Sean Gulick, UTIG Research Associate Professor
Sean Gulick, UTIG research scientist, in Alaska.

Sean Gulick

Research Associate Professor

Ph.D., Lehigh University (1999); B.S. University of North Carolina (1993).

Telephone 512-471-0483
email: sean at ig.utexas.edu

Active tectonics: convergent margins, transitional tectonics and microplates, seismic hazards, and tectonic-glacial climate interactions.  Impact cratering: Chicxulub, mass extinctions, and impact deformation.

Research Interests
Sean's primary scientific interest is in the examination of deformation of the Earth in convergent margins, complex transitional tectonic environments such as microplates, and the massive deformation due to bolide impacts. Convergent margins represent the most numerous and potentially most deadly locales for earthquake production, requiring a greater understanding of the interplay of subduction zone tectonics, structural deformation, accretionary prism development, and migration of fluids and gases from deep in the accretionary margin to the seafloor. Deformation in active tectonic regimes affects the geologic record of the continental margins and basins through sediment deformation, uplift and/or subsidence, orogenesis, and interplay with climate. A completely non-tectonic source of deformation in the earth and yet vital to understanding the planet's history are impacts from meteors and comets and their effect on global climate and life.  2-D and 3-D seismic reflection techniques provide both regional and/or local information regarding the nature and timing of the deformation, yield partial geologic histories of basins, and can be used to examine the physical properties of the fault zones. Information gathered by the marine geophysical techniques is even more powerful when ground-truthed using ocean drilling and/or direct submersible observations.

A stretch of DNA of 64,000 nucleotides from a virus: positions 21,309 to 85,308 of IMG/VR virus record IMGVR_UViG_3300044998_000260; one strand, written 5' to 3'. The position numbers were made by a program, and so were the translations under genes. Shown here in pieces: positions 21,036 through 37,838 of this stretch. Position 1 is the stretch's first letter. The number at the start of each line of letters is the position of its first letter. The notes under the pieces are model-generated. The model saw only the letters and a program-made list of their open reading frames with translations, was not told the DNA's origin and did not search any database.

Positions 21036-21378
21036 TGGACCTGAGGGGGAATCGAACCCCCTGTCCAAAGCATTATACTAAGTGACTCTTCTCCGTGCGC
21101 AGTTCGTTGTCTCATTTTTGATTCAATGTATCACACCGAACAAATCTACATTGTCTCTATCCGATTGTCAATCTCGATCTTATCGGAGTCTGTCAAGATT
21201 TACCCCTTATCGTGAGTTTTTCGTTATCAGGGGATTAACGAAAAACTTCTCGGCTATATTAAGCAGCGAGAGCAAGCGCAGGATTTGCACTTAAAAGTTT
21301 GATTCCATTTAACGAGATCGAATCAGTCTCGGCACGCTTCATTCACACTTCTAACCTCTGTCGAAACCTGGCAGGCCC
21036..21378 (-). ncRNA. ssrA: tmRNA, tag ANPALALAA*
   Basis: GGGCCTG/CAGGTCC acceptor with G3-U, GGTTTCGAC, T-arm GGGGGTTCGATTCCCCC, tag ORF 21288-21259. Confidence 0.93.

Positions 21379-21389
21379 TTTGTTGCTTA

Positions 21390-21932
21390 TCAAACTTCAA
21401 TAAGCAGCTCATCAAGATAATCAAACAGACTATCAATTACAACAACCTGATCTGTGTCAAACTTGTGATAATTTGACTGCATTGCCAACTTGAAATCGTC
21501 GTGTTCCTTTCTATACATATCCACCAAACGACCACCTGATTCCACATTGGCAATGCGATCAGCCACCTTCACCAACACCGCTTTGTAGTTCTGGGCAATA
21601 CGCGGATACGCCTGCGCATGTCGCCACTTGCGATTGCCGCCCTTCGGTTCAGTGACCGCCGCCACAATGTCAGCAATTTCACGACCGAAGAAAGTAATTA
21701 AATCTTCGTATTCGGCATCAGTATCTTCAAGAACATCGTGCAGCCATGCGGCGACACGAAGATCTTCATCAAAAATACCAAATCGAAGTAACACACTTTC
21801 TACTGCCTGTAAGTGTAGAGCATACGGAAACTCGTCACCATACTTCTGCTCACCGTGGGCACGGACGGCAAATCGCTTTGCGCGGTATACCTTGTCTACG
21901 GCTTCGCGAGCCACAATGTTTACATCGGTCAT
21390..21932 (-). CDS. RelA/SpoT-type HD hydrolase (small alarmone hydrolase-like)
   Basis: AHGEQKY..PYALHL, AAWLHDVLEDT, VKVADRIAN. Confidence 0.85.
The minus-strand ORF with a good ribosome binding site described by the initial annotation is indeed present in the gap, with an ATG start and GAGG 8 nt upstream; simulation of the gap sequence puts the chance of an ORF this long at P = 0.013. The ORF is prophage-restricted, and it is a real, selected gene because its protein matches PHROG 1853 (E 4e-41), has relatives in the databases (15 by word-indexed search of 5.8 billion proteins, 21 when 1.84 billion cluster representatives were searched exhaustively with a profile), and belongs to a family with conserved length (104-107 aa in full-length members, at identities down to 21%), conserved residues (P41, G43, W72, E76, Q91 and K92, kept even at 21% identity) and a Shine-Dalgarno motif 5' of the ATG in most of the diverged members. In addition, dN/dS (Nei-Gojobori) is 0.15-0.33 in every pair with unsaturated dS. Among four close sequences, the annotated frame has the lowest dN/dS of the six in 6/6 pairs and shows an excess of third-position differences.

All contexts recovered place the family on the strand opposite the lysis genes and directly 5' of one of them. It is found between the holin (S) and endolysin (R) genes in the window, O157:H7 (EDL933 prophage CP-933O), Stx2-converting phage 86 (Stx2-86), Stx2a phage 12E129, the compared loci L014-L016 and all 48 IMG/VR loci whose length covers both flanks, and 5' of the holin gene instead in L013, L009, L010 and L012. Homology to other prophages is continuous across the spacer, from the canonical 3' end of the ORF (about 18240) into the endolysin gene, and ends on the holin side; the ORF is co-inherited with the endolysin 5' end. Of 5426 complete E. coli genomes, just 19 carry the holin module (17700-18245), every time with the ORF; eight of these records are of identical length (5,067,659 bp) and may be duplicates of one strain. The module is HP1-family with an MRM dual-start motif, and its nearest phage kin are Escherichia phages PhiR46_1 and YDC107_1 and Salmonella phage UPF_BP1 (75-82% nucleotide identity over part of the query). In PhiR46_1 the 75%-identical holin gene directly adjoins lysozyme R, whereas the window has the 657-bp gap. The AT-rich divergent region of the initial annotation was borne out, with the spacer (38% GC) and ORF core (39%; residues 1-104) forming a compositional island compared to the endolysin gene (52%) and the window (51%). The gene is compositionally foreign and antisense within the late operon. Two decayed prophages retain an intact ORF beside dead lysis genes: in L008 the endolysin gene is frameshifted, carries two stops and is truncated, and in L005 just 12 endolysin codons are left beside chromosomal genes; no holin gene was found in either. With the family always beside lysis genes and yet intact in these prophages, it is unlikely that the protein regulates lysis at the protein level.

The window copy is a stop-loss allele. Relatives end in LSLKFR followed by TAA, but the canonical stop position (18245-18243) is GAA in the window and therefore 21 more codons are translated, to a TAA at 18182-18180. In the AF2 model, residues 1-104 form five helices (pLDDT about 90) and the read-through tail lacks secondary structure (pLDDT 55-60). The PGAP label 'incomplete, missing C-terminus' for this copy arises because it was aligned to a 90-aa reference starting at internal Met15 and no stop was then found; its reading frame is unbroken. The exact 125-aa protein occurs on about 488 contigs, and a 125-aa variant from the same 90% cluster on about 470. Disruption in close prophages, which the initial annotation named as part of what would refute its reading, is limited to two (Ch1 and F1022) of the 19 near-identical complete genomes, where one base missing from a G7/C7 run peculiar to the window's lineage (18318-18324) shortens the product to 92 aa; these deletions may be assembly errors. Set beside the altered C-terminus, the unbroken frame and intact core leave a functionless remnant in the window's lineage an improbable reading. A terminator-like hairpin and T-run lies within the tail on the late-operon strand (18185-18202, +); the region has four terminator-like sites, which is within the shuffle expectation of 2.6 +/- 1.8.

Current projects that Sean, his students, and colleagues are working on tectonic and climate interactions in the St. Elias Mountains, geohazards of subduction and transform faulting in Alaska, Sumatra, and Japan, and the geologic processes and environmental effects of the Cretaceous-Paleogene Chicxulub meteor impact. To test some key hypotheses of how glacial erosion can perturb tectonics Sean will be serving as co-chief on the upcoming Integrated Ocean Drilling Program (IODP) Expedition 341: Southeast Alaska tectonics and climate. Planning and final surveying are also underway for IODP drilling into the Chicxulub impact structure.